I wasn't actually surprised to learn that public officials in Toronto had agreed to install "smart toilets" in the city's convention center so they could analyze public, um, data. As a privacy researcher, the idea fascinated me.
Only problem: It wasn’t true.
But a fake toilet company’s publicity stunt has me thinking, which is what Quantified Toilets intended. Smart toilets are just the kind of product you expect to encounter at the ACM Conference on Human Factors in Computing, or CHI, an annual event where researchers discuss the latest science of how people interact with technology. This is my favorite conference to attend. There are always new and cool projects that make me think.
So when Quantified Toilets debuted at CHI this week, it was an immediate hit. The company claimed to have installed sensors in the Toronto Convention Center and other civic venues that would automatically analyze “deposits” in the toilets to detect a person’s gender, drug and alcohol levels, pregnancy status, sexually-transmitted-infection status, and… smell.
There were signs in the bathrooms that read: “Behavior at these toilets is being recorded for analysis.”
The accompanying website featured a live stream (ha) of toilet data being collected in real time.
The idea isn’t as absurd as it may sound, especially to a cohort of conference attendees who spend their days thinking about these sorts of technologies. “Smart toilets” have been around for a while, and in a survey by Intel and market researcher Penn Schoen Berland, 70% of people said they would be willing to share their smart toilet data if it led to lower healthcare costs.
But this was different. And it's worth exploring why.
If the government installs smart toilets in public venues, the option to opt out isn’t necessarily available. Bathroom access is essential in public spaces, and leaving a convention center to find an unmonitored toilet is a burden. There’s also something troubling about health data that’s not collected for use by a physician—or even an insurance company—but gathered in public by and for the government.
This is the kind of data that public officials or marketers would love to obtain. Let’s imagine a couple scenarios:
At a convention or concert, an organization could determine whether attendees have high rates of pregnant women with positive drug or alcohol tests, then use that knowledge to target public health messages to the demographic.
In stadiums, an organization could see which sections had higher blood alcohol levels, and even the peak levels during the game. They could market more beer to that section—or make it harder for people in that section to buy drinks. They might even sell this data to beer vendors willing to pay for such demographic information.
Other ideas from the Quantified Toilets website: “We use this data to streamline cleaning crew schedules, inform municipalities of the usage of resources, and help buildings and cities plan for healthier and happier citizens.”
If sensors were to be as easily deployed as the website suggests, they could be used in not-so-anonymous settings like offices. Your employer could find out which drugs employees are taking, check to see if anyone shows up to work drunk, and figure out which female employees are expecting babies.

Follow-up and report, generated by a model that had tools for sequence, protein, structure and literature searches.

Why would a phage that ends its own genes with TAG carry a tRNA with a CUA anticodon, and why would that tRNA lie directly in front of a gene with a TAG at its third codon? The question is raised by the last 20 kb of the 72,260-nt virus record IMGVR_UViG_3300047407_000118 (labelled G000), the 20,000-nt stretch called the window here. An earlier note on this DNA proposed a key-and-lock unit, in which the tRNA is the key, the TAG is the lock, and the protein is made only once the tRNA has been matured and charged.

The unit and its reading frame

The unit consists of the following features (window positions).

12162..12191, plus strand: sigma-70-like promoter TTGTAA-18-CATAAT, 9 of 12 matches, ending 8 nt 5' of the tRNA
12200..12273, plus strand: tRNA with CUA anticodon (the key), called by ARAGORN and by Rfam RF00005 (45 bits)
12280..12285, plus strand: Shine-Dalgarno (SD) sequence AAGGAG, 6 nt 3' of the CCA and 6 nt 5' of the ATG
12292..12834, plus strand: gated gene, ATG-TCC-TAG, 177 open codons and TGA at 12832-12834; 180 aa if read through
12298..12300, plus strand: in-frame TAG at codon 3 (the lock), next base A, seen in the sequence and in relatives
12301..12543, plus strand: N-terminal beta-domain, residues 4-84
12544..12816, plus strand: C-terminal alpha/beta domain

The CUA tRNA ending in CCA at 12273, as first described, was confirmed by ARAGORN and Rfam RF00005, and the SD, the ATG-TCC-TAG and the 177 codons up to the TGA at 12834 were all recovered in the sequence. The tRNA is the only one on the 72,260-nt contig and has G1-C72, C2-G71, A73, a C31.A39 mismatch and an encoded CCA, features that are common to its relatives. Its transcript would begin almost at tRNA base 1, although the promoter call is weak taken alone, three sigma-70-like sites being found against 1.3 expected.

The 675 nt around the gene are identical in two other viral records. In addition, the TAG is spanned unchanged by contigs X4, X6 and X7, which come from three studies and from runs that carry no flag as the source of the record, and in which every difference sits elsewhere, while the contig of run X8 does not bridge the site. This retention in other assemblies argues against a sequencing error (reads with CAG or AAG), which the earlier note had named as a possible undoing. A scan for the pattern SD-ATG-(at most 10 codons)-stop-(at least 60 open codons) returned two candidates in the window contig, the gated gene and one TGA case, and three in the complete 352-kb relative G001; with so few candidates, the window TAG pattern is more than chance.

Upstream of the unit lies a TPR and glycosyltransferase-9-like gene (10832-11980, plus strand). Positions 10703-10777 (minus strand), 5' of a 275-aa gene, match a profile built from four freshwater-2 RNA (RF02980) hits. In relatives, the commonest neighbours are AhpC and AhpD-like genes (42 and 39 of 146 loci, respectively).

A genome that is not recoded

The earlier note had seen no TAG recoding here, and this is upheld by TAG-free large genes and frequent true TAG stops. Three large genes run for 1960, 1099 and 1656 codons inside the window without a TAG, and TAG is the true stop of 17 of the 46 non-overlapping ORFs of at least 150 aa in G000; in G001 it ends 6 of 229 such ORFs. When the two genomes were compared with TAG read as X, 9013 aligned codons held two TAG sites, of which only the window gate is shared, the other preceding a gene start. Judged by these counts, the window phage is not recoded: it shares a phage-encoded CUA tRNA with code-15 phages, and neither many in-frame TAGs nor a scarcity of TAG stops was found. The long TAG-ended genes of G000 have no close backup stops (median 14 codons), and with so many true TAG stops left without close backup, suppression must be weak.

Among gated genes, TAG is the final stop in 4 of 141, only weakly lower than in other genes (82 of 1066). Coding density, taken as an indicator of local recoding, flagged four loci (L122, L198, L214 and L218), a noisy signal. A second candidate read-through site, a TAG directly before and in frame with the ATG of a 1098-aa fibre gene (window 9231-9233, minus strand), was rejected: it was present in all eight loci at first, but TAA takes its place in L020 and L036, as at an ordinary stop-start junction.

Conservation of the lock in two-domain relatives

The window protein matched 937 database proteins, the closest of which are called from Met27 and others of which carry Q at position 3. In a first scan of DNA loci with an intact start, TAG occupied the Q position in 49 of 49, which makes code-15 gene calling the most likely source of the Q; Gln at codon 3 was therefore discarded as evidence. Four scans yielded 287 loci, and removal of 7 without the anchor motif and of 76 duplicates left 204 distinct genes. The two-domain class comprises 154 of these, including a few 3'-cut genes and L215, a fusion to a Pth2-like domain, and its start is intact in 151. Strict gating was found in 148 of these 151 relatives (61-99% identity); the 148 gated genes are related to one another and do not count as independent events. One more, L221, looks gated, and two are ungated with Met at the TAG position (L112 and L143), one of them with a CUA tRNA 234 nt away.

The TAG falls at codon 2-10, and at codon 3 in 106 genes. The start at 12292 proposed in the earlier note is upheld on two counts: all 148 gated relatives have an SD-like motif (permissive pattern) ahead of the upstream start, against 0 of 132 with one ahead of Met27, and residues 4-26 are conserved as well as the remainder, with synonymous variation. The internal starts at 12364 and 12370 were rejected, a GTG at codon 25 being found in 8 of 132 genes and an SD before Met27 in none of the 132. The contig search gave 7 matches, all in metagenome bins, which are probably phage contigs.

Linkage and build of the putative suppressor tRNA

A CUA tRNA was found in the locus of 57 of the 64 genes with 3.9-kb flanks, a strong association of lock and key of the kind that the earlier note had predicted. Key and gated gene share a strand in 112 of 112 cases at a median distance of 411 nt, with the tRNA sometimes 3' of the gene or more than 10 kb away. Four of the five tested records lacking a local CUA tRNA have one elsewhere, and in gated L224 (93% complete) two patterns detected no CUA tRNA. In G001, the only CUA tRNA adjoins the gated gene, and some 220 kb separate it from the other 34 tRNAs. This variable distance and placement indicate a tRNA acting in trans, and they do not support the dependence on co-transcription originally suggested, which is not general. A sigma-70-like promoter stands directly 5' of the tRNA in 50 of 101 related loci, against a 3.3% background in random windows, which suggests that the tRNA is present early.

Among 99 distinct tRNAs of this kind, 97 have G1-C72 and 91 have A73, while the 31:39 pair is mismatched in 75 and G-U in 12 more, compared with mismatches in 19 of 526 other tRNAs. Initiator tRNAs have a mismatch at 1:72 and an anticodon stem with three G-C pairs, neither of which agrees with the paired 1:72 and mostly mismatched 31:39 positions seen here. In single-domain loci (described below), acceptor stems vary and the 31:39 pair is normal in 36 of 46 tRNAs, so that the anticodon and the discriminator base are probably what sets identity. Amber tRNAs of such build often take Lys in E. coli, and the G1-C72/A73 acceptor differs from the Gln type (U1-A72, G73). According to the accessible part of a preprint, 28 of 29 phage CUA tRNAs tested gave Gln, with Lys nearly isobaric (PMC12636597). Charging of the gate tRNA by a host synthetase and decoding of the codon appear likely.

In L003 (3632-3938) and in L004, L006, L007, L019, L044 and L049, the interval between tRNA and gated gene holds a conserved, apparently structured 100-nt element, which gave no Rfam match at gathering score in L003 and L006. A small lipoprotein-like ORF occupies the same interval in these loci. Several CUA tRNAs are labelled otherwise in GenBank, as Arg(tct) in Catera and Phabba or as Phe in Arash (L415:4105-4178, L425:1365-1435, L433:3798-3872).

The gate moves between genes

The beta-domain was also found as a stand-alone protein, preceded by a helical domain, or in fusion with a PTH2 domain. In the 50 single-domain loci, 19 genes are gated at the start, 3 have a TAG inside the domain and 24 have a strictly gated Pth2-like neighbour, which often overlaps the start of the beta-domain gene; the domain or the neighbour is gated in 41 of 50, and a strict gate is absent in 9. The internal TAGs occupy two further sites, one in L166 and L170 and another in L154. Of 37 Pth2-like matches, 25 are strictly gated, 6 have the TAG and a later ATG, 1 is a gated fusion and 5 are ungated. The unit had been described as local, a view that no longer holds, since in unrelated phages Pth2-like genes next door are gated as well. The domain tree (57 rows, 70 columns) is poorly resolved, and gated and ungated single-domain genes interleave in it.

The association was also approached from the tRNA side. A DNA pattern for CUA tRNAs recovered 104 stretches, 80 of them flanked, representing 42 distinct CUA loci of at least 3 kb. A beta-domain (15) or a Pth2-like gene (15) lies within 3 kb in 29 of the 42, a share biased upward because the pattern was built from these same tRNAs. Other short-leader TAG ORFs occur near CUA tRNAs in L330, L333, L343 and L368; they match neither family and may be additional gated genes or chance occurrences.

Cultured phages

As individuals, we are already tracking our physical activity with Fitbits, our physical locations with cell phones, our eating habits with websites like MyFitnessPal, and even our genomes with services like 23 and Me. But there’s a critical line between the “quantified self movement”—in which people record as much personal metadata as possible—and public monitoring of our data.
A sensor in the convention-center toilet is a lot more like a public surveillance camera than it is a private fitness app. But it wasn’t until I reached out to Quantified Toilet to learn more that I found out what was really going on. An excerpt from the auto-reply email I received:
“As you may have worked out, Quantified Toilets is indeed a fake company and all data reported were equally fake. It was a thought experiment at CHI 2014, designed to engender thought and discussion regarding the issues of surveillance, data, and privacy.”
It worked. Quantified Toilet got me thinking about issues that are integral to the way we assess the interplay between technology and privacy. The concerns these hypothetical toilets raise will only continue to come up as smart technologies become more integrated with daily life.
While the project may have been a hoax, surveillance in public spaces is rising—and it isn’t restricted to cameras. There are sophisticated sensors for monitoring all kinds of activities.
My colleague Jon Froehlich designed a sensor that can detect water use in each of a house’s fixtures—including the toilets—by screwing the sensor into the outdoor garden-hose spigot.
Sensors of all types are easily connected to the Internet. They can collect vast amounts of data, which can then be shared widely. As citizens, we don’t always know what data is being collected, who can access it, or how it will be used. Even seemingly secure networks can be comprised.
We should be leading conversations about the legal privacy protections we need to establish for what once seemed to be private activities. In a data-rich connected world, even the most intimate spaces are becoming public.
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